- The American economy grew by 3.2% in the first quarter of 2019, comfortably beating market expectations. However, the strength was driven by inventories and net exports, while domestic demand growth weakened.
- The housing market continues to be an economic weak link. Existing home sales in March fell below expectations. A lack of inventory appears to be weighing on sales activity.
- As confirmed in the GDP report, price pressures were softer than expected early in the year, underpinning the Federal Reserve’s move to the sidelines.
- The Bank of Canada’s April MPR was front and center this week. Both the global and Canadian economic outlooks were revised down for 2019.
- The Canadian economy is now estimated to be operating with more slack, lasting longer than previously forecast. This suggests that current stimulative interest rates will need to persist for some time.
- The weaker economic outlook is broadly consistent with our March QEF. As such, we anticipate that the policy interest rate will hold steady through 2020.
The U.S. economy brushed off disruptions caused by the partial government shutdown and abnormal weather, and grew strongly in the first quarter, beating consensus expectations by 0.9 percentage points (3.2% vs 2.3%). However, behind the sheen of the solid headline, the drivers of growth were not as lustrous. Domestic demand growth weakened, with consumers saving a little more and businesses slightly more cautious with their investments dollars. Instead, inventories and net exports – the more volatile components of GDP –provided the heavy lifting. The build-up of inventories is now a three quarter trend. It is likely to be reversed in the quarters ahead, dragging on real GDP growth. The good news is that with temporary disruptions dissipating, domestic demand should improve next quarter, taking the mantle in driving growth.
Amid the hurrah of strong real GDP growth, the one segment of the economy that continued to underperform was housing. Residential investment contracted in all four quarters of 2018, and pulled back again in the first quarter. Early indications suggest a mixed start to the second quarter. Existing home sales fell 4.9% in March, below consensus expectations. The pullback followed a strong gain in February, but the level of sales has shown little overall progress over the past several months (and is well off peak levels seen in the fall of 2017). Fortunately, the news was better on the new home sales front. New single-family residential sales rose 4.5%, building on even stronger gains in January and February. In contrast to the existing market, new home sales are just a touch below the recent cycle peak.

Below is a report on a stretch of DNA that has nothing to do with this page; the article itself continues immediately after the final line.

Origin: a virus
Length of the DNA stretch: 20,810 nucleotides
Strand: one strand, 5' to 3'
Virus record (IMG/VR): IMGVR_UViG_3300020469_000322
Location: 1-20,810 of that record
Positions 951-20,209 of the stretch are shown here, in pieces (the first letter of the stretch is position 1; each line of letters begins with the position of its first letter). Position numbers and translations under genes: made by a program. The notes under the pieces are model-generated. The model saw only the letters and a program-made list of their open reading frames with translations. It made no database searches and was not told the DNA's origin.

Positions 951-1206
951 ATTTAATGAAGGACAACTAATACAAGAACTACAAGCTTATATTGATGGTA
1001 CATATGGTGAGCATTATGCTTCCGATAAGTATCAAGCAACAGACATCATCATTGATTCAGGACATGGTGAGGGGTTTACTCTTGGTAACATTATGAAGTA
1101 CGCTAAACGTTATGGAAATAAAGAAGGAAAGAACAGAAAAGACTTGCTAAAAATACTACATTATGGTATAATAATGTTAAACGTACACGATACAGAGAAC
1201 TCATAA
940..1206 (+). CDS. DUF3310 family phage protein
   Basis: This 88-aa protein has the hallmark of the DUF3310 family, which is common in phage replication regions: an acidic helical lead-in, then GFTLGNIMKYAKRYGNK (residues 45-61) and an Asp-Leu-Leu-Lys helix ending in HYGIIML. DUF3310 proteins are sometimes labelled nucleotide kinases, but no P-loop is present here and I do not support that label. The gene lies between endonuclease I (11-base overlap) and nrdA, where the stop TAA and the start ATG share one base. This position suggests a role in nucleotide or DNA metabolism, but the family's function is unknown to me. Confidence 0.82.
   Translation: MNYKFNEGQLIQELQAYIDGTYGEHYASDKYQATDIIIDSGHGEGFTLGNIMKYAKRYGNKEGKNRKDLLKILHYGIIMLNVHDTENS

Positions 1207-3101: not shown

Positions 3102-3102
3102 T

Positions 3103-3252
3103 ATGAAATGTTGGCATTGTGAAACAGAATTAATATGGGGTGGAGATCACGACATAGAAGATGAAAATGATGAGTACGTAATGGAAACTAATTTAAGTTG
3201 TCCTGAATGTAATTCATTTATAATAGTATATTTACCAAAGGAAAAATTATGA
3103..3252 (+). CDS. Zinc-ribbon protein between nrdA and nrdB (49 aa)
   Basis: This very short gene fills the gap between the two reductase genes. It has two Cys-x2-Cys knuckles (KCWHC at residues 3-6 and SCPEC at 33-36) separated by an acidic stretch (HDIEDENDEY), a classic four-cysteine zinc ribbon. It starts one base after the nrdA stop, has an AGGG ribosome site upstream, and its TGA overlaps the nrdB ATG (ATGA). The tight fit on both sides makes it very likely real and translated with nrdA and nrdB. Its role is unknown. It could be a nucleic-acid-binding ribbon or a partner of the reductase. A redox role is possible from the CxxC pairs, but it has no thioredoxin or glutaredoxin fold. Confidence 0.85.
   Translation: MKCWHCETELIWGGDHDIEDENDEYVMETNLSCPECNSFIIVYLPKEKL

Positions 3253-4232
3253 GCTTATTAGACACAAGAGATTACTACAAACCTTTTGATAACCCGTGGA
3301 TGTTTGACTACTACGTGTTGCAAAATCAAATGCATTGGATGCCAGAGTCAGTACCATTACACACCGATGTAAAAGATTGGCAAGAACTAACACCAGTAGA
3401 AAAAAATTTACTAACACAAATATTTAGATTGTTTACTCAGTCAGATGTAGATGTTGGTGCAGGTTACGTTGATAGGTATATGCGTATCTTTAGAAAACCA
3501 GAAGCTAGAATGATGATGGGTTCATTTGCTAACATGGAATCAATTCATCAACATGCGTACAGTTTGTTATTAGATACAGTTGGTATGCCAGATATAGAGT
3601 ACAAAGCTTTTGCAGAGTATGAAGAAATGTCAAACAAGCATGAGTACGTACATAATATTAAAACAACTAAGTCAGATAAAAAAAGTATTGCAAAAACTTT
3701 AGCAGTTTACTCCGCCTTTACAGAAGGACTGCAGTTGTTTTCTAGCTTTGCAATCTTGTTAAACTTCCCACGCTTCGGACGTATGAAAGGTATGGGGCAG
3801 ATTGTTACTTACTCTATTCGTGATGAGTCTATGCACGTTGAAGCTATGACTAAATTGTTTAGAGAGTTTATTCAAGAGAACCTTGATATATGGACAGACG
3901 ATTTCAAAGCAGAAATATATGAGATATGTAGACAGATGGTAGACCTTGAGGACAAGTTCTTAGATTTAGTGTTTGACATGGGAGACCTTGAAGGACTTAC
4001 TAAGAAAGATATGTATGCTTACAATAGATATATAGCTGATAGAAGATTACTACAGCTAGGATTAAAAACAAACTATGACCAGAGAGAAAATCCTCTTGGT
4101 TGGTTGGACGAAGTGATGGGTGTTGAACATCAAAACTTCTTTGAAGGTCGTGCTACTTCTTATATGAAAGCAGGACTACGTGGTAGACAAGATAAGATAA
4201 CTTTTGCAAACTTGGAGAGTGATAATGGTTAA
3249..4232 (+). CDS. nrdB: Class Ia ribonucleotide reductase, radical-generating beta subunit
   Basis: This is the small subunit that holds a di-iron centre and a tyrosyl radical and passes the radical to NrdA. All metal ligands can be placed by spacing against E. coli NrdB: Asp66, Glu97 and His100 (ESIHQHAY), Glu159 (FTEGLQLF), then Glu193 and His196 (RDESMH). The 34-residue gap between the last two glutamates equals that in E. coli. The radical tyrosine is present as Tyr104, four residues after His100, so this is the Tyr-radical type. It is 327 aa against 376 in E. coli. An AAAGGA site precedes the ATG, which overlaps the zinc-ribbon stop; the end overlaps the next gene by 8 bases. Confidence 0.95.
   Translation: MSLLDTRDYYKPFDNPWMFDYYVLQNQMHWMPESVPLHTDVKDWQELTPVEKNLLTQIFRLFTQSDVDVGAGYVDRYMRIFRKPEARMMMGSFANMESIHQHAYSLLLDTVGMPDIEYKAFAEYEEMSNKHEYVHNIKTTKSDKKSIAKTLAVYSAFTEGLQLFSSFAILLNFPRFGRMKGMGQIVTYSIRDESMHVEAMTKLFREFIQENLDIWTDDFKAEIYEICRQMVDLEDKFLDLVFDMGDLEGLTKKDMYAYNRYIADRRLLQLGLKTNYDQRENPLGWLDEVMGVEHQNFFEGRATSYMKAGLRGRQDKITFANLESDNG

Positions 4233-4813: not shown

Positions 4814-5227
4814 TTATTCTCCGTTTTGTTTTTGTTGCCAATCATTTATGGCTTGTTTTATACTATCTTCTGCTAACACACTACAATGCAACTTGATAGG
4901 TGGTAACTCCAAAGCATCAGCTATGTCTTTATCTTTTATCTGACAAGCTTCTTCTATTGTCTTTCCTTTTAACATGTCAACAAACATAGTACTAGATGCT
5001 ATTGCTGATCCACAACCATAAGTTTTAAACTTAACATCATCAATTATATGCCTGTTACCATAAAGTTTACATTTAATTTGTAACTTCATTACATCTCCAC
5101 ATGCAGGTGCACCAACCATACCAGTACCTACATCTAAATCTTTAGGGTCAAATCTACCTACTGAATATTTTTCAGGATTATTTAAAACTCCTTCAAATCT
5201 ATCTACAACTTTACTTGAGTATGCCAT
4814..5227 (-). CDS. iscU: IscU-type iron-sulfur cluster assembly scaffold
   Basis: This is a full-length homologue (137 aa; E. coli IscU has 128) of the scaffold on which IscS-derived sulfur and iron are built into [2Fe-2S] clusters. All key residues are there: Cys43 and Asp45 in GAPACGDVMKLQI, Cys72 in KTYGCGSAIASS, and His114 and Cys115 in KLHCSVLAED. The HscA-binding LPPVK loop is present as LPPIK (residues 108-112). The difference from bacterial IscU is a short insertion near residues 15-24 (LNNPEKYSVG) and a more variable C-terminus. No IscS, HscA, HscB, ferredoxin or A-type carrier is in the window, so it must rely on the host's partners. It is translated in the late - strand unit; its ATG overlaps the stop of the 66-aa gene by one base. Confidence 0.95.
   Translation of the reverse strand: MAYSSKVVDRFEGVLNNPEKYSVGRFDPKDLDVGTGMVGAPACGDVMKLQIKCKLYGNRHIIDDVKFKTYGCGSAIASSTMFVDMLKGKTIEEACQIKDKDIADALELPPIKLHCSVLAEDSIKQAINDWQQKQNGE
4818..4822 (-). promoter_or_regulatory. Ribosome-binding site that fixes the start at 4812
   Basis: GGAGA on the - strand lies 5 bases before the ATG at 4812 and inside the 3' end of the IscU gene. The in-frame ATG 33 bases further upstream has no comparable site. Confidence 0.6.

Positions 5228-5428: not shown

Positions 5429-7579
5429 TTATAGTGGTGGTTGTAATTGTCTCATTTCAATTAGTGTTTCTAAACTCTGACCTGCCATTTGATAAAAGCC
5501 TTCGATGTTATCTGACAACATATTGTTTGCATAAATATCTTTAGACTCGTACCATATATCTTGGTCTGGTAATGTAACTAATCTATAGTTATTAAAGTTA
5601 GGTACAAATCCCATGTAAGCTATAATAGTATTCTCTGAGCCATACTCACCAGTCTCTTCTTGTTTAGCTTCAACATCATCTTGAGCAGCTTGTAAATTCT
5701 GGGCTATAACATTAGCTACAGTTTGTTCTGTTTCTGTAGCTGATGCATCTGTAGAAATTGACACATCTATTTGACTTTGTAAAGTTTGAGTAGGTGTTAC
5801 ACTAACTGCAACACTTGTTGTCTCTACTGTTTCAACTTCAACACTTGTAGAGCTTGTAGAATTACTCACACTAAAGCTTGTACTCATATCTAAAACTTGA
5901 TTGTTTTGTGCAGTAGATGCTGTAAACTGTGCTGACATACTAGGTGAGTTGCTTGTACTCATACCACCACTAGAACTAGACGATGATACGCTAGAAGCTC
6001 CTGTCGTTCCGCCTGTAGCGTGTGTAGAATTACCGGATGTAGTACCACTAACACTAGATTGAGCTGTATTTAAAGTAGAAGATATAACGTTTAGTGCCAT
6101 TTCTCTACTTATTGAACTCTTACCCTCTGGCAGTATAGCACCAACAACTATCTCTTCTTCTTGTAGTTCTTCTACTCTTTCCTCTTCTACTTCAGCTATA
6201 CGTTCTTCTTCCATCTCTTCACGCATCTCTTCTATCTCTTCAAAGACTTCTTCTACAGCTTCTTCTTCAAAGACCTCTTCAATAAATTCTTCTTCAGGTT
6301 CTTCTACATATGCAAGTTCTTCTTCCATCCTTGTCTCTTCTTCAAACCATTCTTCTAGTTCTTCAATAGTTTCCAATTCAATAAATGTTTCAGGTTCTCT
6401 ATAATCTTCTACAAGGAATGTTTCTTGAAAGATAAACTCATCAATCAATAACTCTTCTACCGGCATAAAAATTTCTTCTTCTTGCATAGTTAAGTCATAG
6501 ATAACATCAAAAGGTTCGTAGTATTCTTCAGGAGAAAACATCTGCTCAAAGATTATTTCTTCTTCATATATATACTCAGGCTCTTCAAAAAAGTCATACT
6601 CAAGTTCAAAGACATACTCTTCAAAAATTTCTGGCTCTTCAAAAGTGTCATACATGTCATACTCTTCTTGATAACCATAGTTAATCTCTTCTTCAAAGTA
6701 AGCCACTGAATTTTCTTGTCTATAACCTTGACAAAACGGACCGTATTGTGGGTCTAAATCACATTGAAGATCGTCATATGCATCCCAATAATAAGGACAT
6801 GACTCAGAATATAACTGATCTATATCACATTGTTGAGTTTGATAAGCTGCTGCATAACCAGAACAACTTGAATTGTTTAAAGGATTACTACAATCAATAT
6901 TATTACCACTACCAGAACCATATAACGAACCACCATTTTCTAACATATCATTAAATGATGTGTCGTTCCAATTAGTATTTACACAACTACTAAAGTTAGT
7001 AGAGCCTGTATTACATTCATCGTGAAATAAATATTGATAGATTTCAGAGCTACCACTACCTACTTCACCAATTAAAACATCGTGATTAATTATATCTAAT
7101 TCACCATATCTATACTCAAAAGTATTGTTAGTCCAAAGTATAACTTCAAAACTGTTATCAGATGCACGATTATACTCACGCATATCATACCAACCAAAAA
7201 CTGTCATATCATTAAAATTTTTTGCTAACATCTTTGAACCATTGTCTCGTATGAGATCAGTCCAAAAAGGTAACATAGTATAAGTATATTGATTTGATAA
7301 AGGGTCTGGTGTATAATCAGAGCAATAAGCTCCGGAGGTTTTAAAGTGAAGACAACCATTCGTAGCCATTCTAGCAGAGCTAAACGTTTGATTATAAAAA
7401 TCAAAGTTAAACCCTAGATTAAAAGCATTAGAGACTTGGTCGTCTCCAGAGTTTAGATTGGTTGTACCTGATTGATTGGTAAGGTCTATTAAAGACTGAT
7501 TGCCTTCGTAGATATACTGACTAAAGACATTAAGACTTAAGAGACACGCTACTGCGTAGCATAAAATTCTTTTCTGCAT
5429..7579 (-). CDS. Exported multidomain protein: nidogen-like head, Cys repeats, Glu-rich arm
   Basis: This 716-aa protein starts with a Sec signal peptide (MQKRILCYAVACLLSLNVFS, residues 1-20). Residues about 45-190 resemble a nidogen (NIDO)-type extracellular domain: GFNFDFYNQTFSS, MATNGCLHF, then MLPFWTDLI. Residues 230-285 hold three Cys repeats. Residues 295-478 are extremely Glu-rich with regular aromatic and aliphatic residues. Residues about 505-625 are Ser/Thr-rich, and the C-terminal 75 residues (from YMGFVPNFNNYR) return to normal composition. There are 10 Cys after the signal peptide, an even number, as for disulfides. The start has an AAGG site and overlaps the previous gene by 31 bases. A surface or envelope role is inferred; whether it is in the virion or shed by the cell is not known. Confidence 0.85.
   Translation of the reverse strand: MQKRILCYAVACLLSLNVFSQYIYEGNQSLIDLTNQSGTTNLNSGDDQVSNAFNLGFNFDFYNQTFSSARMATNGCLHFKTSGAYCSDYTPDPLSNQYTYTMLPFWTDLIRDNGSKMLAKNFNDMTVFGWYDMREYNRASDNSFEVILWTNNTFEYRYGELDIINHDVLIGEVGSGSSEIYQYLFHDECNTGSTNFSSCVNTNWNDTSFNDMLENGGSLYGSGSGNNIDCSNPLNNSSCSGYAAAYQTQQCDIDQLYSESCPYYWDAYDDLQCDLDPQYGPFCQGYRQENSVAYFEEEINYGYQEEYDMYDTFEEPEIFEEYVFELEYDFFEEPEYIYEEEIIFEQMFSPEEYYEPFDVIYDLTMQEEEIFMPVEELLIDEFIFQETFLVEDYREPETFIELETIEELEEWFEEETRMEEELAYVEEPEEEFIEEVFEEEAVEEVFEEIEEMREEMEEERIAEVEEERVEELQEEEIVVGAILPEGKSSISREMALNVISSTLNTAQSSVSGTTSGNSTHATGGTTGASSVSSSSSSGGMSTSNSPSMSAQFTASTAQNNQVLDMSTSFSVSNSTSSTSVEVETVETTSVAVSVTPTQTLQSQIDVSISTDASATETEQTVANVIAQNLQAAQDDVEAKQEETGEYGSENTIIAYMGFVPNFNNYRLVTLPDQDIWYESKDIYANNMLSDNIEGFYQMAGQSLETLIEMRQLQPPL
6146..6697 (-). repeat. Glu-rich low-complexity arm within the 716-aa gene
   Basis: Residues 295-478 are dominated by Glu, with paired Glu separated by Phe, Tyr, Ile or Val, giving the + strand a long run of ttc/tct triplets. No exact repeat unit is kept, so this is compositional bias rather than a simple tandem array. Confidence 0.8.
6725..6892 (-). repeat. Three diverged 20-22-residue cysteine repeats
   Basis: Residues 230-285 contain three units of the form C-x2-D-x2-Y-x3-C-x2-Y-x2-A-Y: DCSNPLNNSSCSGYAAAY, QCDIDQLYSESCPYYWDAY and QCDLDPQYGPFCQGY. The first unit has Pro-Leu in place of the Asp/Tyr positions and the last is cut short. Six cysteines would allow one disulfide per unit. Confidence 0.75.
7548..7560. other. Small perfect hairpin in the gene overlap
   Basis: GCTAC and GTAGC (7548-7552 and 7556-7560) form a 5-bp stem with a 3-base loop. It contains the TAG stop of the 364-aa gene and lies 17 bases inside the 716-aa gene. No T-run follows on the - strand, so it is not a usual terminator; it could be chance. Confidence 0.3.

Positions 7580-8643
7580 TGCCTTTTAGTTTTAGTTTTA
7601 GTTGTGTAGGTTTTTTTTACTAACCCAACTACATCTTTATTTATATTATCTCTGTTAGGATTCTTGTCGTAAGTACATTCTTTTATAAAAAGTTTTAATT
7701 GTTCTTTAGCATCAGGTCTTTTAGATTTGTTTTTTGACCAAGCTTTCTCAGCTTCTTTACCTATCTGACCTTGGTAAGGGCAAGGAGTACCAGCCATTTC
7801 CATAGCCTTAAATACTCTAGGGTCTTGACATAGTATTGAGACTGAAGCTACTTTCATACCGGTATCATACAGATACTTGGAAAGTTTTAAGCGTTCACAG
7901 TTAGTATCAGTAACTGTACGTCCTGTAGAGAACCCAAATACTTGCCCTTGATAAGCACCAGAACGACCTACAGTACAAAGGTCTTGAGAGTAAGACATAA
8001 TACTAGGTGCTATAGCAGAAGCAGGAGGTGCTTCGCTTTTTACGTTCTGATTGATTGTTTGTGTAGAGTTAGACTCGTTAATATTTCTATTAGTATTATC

With affordability improving – a function of both lower mortgage rates and accelerating income growth – the demand drivers for housing appears to be solid. The supply side appears to be the constraining factor. The inventory of existing homes available for sale continues to hover near historical lows. Unless supply constraints are alleviated, the upswing in demand could reverse the recent deceleration home price growth.
Speaking of prices, PCE inflation data for 19Q1 was released alongside GDP data and came in surprisingly soft. We cannot yet tell which month the weakness was concentrated as only January data are available (February and March data will only be released on Monday). Nevertheless, the weaker reading in Q1 indicates cooling price pressures, reinforcing the Federal Reserve’s position to hold off any interest rate hikes through 2019. Bond yields appear to have dipped lower following the digestion of these details, discounting the surprise in real GDP growth.
Headline inflation is likely to see something of a lift in upcoming months, reflecting the broad-based rebound in oil prices since the end of 2018. Still, the ride may be bumpy. The West Texas Intermediate oil price benchmark hit $65 earlier in the week, before falling on Friday on word that Trump has been upping the pressure on OPEC. This, despite news that the administration will no longer exempt countries from Iran sanctions beginning May 2nd.
A light data week allowed the highly-anticipated Bank of Canada interest rate decision to garner the attention it deserved. A disappointing end to 2018, oil production curtailments, and mixed data at the start of 2019 raised concerns about whether the Canadian economy was heading for recession.
In its April MPR, global growth in 2019 is forecast to have slowed to a 3.2% pace, half a point weaker than last year. This markdown largely reflects elevated global economic uncertainty as broadening trade tensions weigh on activity.
Slower foreign growth is bad for commodities and other goods Canada exports. The Bank of Canada acknowledged this by broadly marking down its Canadian outlook for this year. Canada’s economy has been going through a rough patch since the middle of last year, and the softness should remain through the end of this quarter. First half weakness, combined with little growth to end 2018, motivated the Bank’s downgrade of 2019 GDP growth to 1.2% (from 1.7% in January). The Bank’s first quarter growth was revised down to 0.3% (q/q annualized) from January’s 0.8% forecast, broadly in line with our tracking. Overall, the Bank’s downgraded economic outlook better reflects the reality for both the global and Canadian economies.